The New York Times reports that London’s Tate Modern has purchased eight million of the 100 million hand-painted, porcelain “sunflower seeds” that were on view as part of Ai Weiwei’s massive installation in the museum’s Turbine Hall last fall. To wit, “the mini-version was purchased directly from the artist, officials at the Tate said, and the remaining 92 million seeds have been returned to Mr. Ai.” [Editor's note: Emphasis on hilarity, ours.]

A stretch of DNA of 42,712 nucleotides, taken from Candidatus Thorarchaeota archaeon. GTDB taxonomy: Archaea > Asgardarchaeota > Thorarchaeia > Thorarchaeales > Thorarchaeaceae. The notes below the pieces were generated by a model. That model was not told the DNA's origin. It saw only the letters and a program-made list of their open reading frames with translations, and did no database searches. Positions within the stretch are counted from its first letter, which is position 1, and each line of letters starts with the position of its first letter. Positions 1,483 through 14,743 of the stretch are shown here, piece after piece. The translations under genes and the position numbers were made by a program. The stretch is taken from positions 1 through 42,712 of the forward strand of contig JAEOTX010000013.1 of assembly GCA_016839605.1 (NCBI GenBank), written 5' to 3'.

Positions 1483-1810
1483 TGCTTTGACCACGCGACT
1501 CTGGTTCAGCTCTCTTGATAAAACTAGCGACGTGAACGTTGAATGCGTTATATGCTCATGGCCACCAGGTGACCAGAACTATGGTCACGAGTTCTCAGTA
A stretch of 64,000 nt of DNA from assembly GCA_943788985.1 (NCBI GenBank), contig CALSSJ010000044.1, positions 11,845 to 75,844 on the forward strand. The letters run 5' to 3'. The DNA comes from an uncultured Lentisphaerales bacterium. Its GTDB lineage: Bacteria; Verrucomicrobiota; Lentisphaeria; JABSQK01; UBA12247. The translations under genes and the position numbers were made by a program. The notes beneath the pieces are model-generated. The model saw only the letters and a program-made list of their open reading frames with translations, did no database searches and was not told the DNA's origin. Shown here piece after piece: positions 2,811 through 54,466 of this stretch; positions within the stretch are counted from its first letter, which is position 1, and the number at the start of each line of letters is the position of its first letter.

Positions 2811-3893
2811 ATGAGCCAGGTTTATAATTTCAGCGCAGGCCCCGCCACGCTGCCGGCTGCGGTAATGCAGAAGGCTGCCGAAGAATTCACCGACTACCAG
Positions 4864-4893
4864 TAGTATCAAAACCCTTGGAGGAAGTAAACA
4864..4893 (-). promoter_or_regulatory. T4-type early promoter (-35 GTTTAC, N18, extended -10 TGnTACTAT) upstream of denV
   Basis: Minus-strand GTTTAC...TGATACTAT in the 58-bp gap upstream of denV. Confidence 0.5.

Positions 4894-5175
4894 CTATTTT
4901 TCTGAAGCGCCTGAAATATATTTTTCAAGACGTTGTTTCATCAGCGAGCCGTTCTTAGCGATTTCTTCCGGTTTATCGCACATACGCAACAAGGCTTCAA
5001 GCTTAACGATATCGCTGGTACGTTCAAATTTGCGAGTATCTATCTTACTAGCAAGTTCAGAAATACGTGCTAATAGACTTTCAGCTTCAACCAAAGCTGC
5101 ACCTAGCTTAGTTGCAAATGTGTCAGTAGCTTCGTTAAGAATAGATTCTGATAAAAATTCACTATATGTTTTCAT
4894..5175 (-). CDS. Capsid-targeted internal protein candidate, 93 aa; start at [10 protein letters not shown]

What do you imagine the artist is going to do with the remaining 92 million “tiny sculptures”? The Times says that an anonymous bidder paid about $5.60 a seed for a smaller, 100,000-seed version of the sunflower piece auctioned off last year at Sotheby’s. That means Ai could stand to make $515 million in total from what remains of the original stash — not a bad deal at all considering that they’ve been known to release hazardous dust and contain traces of lead in the paint. There’s also the fact that the pricey seeds were actually “made” by a group of around 1,600 artisans Ai employed in the small Chinese city of Jingdezhen. I can’t help but wonder if they’ll be seeing any of the insane profits that their work has generated.